Abstract: We present a simplified analytic approach to the problem of the spiraling of a massive body orbiting within the dark halo of a dwarf galaxy. This dark halo is treated as the core region of a King distribution of dark matter particles, in consistency with the observational result of dwarf galaxies having solid body rotation curves. Thus we derive a simple formula which provides a reliable and general first order solution to the problem, totally analogous to the one corresponding to the dynamical friction problem in an isothermal halo. This analytic approach allows a clear handling and a transparent understanding of the physics and the scaling of the problem. A comparison with the isothermal case shows that in the core regions of a King sphere, dynamical friction proceeds at a different rate, and is sensitive to the total core radius. Thus, in principle, observable consequences may result. In order to illustrate the possible effects, we apply this formula to the spiraling of globular cluster orbits in dwarf galaxies, and show how present day globular cluster systems could in principle be used to derive better limits on the structure of dark halos around dwarf galaxies, when the observational situation improves. As a second application, we study the way a massive black hole population forming a fraction of these dark halos would gradually concentrate towards the centre, with the consequent deformation of an originally solid body rotation curve. This effect allows us to set limits on the fraction/mass of any massive black hole minority component of the dark halos of dwarf galaxies. In essence, we take advantage of the way the global matter distribution fixes the local distribution function for the dark matter particles, which in turn determines the dynamical friction problem.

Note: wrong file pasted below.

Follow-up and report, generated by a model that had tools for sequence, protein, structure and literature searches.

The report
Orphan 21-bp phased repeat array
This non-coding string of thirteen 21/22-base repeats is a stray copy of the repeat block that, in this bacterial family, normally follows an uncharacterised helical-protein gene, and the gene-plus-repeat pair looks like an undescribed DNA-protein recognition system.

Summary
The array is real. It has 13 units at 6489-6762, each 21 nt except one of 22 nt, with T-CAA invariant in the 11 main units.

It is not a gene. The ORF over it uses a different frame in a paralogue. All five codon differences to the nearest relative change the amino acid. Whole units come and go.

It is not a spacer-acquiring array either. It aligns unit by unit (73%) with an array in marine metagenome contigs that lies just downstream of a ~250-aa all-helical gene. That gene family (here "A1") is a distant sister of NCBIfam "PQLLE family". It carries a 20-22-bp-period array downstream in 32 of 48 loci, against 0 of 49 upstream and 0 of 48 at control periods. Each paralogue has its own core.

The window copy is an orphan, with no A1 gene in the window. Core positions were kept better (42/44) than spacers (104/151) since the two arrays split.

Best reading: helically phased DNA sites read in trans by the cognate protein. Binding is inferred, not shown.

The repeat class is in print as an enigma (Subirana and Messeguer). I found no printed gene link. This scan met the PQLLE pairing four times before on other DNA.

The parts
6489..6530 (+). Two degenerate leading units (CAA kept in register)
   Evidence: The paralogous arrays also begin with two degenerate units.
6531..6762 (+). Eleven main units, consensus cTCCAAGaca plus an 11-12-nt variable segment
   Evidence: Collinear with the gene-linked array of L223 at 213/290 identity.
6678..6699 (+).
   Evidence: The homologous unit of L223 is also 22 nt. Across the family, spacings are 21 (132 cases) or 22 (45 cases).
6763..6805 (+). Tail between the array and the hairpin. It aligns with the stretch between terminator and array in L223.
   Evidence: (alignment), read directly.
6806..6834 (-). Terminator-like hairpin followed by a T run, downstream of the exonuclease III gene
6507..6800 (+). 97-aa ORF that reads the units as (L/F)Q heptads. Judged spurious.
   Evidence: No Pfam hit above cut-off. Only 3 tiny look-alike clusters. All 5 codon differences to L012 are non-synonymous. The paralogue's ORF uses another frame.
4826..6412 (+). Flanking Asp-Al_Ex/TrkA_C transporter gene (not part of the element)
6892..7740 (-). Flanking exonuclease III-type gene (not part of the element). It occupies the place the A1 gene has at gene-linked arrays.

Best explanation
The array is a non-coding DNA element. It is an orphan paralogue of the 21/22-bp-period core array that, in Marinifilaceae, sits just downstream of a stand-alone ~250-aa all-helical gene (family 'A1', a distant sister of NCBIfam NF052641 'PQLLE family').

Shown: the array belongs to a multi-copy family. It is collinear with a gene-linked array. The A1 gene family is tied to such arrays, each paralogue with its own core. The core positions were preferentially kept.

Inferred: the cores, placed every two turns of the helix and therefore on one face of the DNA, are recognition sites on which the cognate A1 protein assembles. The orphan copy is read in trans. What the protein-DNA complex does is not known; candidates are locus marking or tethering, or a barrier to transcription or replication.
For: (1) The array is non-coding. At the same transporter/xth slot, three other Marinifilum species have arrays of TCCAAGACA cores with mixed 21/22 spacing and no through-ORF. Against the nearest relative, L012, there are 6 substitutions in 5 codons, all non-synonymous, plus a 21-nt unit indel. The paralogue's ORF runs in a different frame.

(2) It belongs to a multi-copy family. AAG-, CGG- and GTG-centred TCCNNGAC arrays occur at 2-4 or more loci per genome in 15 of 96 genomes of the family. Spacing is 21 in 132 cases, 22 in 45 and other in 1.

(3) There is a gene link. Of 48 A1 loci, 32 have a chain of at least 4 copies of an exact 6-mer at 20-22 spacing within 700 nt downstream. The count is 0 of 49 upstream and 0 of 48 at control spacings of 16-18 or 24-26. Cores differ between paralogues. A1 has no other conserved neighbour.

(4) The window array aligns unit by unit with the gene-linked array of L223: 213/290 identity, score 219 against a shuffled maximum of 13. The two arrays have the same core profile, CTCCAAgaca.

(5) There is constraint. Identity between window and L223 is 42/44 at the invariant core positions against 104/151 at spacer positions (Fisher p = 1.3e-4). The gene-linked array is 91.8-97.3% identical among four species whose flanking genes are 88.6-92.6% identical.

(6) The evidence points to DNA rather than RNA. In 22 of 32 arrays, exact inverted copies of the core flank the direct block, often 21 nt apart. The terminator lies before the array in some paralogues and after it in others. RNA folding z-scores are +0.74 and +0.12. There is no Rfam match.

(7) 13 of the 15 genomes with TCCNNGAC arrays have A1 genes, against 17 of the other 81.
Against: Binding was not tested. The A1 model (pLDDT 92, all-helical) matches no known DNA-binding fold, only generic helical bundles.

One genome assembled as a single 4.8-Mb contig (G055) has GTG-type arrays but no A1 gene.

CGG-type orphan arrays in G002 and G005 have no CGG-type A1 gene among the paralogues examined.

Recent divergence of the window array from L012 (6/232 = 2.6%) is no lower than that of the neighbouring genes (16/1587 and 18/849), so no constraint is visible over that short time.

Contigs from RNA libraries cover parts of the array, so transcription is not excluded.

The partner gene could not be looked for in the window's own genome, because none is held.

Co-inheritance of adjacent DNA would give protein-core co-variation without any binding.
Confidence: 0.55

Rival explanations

Chemo-dynamical evolution of tidal dwarf galaxies. II. The long-term evolution and influence of a tidal field  [PDF]
Sylvia Ploeckinger,Simone Recchi,Gerhard Hensler,Pavel Kroupa
Physics , 2014, DOI: 10.1093/mnras/stu2629
Abstract: In a series of papers, we present detailed chemo-dynamical simulations of tidal dwarf galaxies (TDGs). After the first paper, where we focused on the very early evolution, we present in this work simulations on the long-term evolution of TDGs, ranging from their formation to an age of 3 Gyr. Dark-matter free TDGs may constitute a significant component of the dwarf galaxy (DG) population. But it remains to be demonstrated that TDGs can survive their formation phase given stellar feedback processes, the time-variable tidal field of the post-encounter host galaxy and its dark matter halo and ram-pressure wind from the gaseous halo of the host. For robust results the maximally damaging feedback by a fully populated invariant stellar IMF in each star cluster is assumed, such that fractions of massive stars contribute during phases of low star-formation rates. The model galaxies are studied in terms of their star-formation history, chemical enrichment and rotational curves. All models evolve into a self-regulated long-term equilibrium star-formation phase lasting for the full simulation time, whereby the TDGs become significantly more compact and sustain significantly higher SFRs through compressive tides than the isolated model. None of the models is disrupted despite the unphysical extreme feedback, and none of the rotation curves achieves the high values observed in real TDGs, despite non-virial gas accretion phases.
Dynamical processes, element mixing and chemodynamical cycles in dwarf galaxies  [PDF]
Andreas Rieschick,Gerhard Hensler
Physics , 2000,
Abstract: Since the chemical evolution of galaxies seems to differ between morphological types and deviates in many details from the standard scenario the question has to be addressed when, how and to what amount metal-enriched ejecta from Supernovae and Planetary Nebulae polute their environment. Since recent observations of dwarf galaxies show no significant metal abundance gradients throughout the galaxies while enhancement of metals happens in isolated HII regions, an effective mixing process has to be assumed. Chemodynamical evolution models can provide a possible explanation by demonstrating that strong evaporation of gas clouds by hot gas and following condensation leads to an almost perfect mixing of the gas. We focus on the different phases of chemodynamical evolution that are experienced by a representative dwarf irregular galaxy model and present a quantitative analysis of the chemodynamical gas flow cycles.